M Kukkady, A Deena, S Raj, Ramachandra
atrophy, pseudoaneuyrsm, radiology, renal fisula, trauma
M Kukkady, A Deena, S Raj, Ramachandra. Traumatic Renocaval Fistula With Pseudoaneurysm Leading To Renal Atrophy. The Internet Journal of Radiology. 2006 Volume 6 Number 2.
Traumatic fistula involving renal artery and inferior venecava is a rare event following blunt abdominal injury. Hypertension and rupture are the most important complications of renal artery injury. The majority of renal injuries sustained during blunt abdominal trauma are contusions and minor parenchymal lacerations amenable to nonoperative management. Deep parenchymal lacerations, urinary extravasation, and mild to moderate degrees of parenchymal devascularization may also be treated conservatively. In the presence of massive hemorrhage or continuous hematuria in patients with trauma-induced pseudoaneurysm or fistula, aggressive therapy may become necessary. Accepted indications for surgery are avulsion of the renal pelvis, injuries to the vascular pedicle, and life-threatening hemodynamic instability (1). Vascular injury can also be effectively treated with angiographic procedures; superselective renal embolization
We report a case of patient following road traffic accident.
Renal vascular injuries such as pseudo aneurysm, transection, thrombosis, dissection and arteriovenous fistula formation are unusual but well recognized consequences of blunt abdominal trauma.Pseudoaneurysm complicating blunt renal trauma represent significant causes of secondary haematoma, potentially life threatening.Arteriovenous fistulas may cause significant haemodynamic changes. Conservative treatment is increasingly accepted as the preferred approach to most renal injuries (2).
A thirty year old lady was brought to A & E following RTA. Triphasic CT abdomen was performed. It revealed an extrarenal pseudoaneurysm arising from right renal artery in all phases of study but was clearly demonstrated on arterial phase (fig.2).In addition fistulas communication between right renal artery and suprarenal inferior venecava was demonstrated. Transient enhancement of inferior venecava simultaneous and to the same degree as that of abdominal aorta confirmed arterio-venous shunting(fig.1.).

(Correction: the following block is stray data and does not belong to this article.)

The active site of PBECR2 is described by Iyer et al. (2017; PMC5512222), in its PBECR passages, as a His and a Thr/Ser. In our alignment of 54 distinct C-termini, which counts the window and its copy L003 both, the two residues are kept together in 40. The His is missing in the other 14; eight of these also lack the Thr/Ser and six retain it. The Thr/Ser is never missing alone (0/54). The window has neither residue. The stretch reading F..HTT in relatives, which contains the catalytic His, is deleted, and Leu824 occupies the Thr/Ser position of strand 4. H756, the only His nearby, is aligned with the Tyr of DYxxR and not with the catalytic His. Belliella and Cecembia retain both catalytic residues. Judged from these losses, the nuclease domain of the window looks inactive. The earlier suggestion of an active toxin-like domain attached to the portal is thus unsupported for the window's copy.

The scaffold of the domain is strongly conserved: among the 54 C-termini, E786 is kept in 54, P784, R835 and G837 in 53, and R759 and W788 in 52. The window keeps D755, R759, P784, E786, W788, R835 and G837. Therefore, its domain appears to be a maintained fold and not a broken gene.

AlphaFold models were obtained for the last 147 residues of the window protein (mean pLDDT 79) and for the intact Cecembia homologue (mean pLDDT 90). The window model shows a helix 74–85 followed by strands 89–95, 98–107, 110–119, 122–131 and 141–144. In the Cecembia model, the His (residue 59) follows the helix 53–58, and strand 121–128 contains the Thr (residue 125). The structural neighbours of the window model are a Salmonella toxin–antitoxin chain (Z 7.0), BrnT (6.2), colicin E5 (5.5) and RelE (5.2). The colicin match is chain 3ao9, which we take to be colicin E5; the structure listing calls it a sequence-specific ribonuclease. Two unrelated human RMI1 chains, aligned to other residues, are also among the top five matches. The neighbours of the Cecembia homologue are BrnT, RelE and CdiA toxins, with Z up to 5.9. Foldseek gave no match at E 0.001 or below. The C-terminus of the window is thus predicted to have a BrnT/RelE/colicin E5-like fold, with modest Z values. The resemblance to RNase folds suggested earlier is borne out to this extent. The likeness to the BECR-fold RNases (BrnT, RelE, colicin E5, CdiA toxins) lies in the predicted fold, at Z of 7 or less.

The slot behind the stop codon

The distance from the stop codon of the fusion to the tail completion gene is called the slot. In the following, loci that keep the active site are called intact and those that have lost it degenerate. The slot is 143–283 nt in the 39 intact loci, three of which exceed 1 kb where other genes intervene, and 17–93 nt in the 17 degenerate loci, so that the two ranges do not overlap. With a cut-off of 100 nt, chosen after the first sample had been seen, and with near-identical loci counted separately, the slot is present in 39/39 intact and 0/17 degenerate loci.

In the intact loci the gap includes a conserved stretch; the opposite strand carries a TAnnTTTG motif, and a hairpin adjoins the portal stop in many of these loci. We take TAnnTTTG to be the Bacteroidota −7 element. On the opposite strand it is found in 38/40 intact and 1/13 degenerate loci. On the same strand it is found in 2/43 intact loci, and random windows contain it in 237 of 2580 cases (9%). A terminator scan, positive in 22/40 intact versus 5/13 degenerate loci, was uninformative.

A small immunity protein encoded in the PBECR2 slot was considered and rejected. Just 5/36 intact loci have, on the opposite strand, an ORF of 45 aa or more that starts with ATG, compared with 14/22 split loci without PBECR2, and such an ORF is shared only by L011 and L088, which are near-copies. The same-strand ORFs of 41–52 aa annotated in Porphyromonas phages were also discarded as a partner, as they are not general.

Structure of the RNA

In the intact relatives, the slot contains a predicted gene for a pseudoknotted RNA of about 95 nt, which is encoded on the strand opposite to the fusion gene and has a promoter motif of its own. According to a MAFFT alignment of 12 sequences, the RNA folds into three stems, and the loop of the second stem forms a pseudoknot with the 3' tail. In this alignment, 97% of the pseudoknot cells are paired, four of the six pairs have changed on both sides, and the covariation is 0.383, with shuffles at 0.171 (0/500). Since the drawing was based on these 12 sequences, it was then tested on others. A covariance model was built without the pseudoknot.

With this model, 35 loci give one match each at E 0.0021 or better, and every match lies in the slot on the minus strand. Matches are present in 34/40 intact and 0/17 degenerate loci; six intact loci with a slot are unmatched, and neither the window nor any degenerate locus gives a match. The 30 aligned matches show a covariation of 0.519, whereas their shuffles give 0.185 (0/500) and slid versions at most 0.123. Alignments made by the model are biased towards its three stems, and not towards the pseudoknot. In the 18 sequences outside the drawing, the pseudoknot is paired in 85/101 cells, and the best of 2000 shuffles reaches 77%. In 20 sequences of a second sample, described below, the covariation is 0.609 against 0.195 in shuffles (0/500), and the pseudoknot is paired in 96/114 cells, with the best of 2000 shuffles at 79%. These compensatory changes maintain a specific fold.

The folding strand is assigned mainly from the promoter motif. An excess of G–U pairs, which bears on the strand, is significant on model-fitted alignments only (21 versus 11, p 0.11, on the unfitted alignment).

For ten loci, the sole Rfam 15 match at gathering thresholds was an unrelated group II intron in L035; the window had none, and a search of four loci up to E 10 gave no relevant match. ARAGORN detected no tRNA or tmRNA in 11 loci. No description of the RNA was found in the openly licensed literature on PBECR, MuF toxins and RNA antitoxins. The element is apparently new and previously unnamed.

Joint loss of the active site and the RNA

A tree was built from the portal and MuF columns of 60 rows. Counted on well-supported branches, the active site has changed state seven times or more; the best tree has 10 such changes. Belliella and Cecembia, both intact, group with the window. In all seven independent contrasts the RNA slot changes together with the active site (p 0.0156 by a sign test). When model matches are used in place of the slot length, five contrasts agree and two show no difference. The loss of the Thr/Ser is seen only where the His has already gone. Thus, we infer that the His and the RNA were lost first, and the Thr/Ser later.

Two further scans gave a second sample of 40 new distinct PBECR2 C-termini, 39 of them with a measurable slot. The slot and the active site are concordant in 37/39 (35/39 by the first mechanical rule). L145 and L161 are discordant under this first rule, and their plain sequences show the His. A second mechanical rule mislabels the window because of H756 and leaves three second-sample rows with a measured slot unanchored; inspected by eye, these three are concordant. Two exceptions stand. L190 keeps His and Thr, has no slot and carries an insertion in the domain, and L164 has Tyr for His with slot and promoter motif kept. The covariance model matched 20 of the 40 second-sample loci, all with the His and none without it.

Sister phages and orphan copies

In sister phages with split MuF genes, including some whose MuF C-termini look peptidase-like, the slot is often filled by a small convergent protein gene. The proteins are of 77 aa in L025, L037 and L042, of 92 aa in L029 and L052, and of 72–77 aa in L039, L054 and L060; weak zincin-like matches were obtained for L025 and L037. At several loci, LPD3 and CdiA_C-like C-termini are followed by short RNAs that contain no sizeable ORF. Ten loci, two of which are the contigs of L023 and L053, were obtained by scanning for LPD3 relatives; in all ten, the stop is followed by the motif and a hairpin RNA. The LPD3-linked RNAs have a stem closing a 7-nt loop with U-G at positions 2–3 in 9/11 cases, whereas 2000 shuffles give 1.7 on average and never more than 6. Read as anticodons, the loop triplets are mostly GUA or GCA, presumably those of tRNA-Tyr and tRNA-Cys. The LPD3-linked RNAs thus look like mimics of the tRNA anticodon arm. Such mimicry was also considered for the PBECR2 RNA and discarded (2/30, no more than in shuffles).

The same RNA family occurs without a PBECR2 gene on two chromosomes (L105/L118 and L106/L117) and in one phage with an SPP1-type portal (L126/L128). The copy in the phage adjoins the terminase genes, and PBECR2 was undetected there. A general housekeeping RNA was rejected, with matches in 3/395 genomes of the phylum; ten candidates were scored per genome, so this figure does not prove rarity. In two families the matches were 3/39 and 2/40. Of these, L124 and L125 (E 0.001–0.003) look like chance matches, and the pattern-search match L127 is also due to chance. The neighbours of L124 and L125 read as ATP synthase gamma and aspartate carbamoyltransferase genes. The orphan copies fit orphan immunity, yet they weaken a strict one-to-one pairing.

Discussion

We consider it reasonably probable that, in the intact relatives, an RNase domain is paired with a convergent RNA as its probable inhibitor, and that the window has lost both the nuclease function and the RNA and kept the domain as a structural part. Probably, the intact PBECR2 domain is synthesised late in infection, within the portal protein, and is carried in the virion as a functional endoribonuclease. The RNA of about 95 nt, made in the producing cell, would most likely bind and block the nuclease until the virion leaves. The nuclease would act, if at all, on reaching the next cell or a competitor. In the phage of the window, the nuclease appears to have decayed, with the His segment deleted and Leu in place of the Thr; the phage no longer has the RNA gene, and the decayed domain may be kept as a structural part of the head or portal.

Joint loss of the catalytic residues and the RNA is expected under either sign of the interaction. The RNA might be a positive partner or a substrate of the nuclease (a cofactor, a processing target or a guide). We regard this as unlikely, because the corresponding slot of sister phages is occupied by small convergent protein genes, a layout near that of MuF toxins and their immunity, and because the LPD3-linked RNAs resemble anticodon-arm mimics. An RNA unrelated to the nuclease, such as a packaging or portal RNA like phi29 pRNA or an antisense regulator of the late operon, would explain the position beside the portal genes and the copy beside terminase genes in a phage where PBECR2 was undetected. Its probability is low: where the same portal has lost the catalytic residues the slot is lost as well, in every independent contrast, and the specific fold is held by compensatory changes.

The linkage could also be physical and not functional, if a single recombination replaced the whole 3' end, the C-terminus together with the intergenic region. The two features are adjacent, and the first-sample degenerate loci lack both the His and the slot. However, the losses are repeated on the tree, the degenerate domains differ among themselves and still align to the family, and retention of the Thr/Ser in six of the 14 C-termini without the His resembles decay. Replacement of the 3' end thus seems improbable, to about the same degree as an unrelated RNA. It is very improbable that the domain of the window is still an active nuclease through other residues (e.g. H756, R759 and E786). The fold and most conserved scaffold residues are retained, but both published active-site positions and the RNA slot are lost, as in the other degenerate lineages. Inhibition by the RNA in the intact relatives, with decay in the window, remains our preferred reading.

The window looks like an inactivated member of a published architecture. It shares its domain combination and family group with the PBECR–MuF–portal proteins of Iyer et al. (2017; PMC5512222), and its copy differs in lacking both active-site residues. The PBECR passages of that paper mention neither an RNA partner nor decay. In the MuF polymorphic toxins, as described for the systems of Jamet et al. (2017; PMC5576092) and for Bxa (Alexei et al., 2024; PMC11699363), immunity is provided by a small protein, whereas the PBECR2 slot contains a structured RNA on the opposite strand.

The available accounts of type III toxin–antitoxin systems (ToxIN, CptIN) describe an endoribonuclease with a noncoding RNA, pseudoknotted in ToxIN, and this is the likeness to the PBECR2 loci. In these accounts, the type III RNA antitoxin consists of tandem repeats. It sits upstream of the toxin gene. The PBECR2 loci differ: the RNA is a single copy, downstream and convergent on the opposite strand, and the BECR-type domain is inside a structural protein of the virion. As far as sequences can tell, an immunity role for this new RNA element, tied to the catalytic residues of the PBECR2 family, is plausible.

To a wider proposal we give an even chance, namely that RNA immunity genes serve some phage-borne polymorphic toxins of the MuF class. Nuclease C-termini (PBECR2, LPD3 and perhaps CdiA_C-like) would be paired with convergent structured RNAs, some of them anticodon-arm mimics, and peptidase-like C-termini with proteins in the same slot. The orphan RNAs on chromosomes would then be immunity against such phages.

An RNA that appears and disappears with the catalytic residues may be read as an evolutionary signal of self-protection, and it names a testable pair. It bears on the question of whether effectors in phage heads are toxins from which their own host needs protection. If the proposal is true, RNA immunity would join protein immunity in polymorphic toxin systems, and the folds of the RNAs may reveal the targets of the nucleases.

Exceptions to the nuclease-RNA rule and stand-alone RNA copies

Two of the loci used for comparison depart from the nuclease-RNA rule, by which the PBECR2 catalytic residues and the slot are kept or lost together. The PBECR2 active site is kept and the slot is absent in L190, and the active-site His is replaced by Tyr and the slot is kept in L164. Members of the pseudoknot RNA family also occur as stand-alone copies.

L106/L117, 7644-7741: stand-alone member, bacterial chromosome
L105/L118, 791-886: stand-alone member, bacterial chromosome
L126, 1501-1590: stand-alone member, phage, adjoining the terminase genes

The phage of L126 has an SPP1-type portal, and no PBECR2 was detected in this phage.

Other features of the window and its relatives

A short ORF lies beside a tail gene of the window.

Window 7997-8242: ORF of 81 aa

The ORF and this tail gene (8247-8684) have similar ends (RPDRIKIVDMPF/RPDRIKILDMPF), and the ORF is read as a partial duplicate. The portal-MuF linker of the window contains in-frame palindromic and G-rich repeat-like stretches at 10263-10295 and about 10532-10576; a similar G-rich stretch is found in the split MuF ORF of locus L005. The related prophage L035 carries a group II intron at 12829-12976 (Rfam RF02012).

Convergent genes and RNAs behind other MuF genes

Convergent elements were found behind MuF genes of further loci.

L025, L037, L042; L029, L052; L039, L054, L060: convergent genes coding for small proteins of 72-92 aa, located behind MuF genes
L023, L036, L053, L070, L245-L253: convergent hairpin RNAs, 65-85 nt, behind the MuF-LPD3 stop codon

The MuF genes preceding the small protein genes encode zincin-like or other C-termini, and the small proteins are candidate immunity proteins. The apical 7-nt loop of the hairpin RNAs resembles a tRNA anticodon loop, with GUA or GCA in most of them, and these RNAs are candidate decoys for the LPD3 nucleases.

There was early enhancement of portal and renal vein in the arterial phase with poor contrast enhancement of kidneys even in delayed scans. Posterior perinephric haematoma was also seen.
CT performed after two weeks showed decrease in size of pseudoaneurysm as well as of the perinephric haematomas (fig.4) .
Renogram performed fourteen days after the trauma revealed ten percent function on right side (fig.5.)
On angiography the right renal artery four cm distal to its origin was seen to open into a pseudoaneurysm which directly communicated with the inferior vena cava thus confirming the diagnosis made on CT(fig5-6).
As patient was asymptomatic either in the form of haematuria or hypertension, she was managed conservatively . Follow up CT done after a year showed atrophy of Right kidney with total disappearance of pseudoaneurysm.No fistulas communication could be demonstrated at this time (fig.7.)
Rena injuries are classified into five grades of severity according to the American Association of Surgeons in trauma organ injury severity scale (3). Renal arterial injury is classified under grade five (3).Vascular injury account for only 5.5% of cases Renal injury occurs in 8-10% of patients with abdominal trauma ,and most of such injuries are caused by blunt trauma (1). Renal artery inferior venecava fistula although frequently reported in patients after penetrating trauma has rarely been described after blunt torso trauma (1). Hypertension and rupture are the most important complications of renal artery injury. In patients with blunt trauma ,direct impact or rapid deceleration causes contusion, laceration, or rupture in the kidney and can result in unrecognized full thickness arterial injury (1).In some cases, pseudoaneuyrsm form several days after injury. Rupture of a pseudoaneurysm into the adjacent viscus presents as intermittent arterial bleeding into urinary tract .Bleeding into the renal collecting system causes haematuria and, in rare cases, may produce hemorrhagic shock or renal insufficiency from clot retention. Devascularisation of the entire kidney due to laceration or in situ thrombosis of main renal artery constitutes the most severe form of renal injury (grade 5).The classical findings of traumatic renal infarct include absent nephrogram, retrograde opacification of the renal veins from inferior venecava ,and abrupt truncation of the renal arterial lumen at the point of occlusion. The cortical rim nephrogram sign of devascularised kidney may be absent in acute setting.
Renal artery injuries with devascularised kidney should be treated with prompt surgical revascularisation within four hours of injury to minimize the risk of irreversible loss of renal function (3). If renal ischemia has exceeded four hours and the contralateral kidney is normal, most urologists will avoid surgery and allow the devascularized kidney to atrophy(as in our case). If devascularizing injuries are bilateral or involve a solitary kidney, reconstructive surgery is generally attempted even if the ischemia time has exceeded four hours (3). The only absolute indication for surgical exploration is life-threatening renal bleeding (3). Relative indications for operative management include the presence of (
Dr Mohamed Asfaque Kukkady Radiology Department, Farwaniya Hospital, P.O.BoxNo -18373 Kuwait-81004 Email:email@example.com Phone:0965-9103918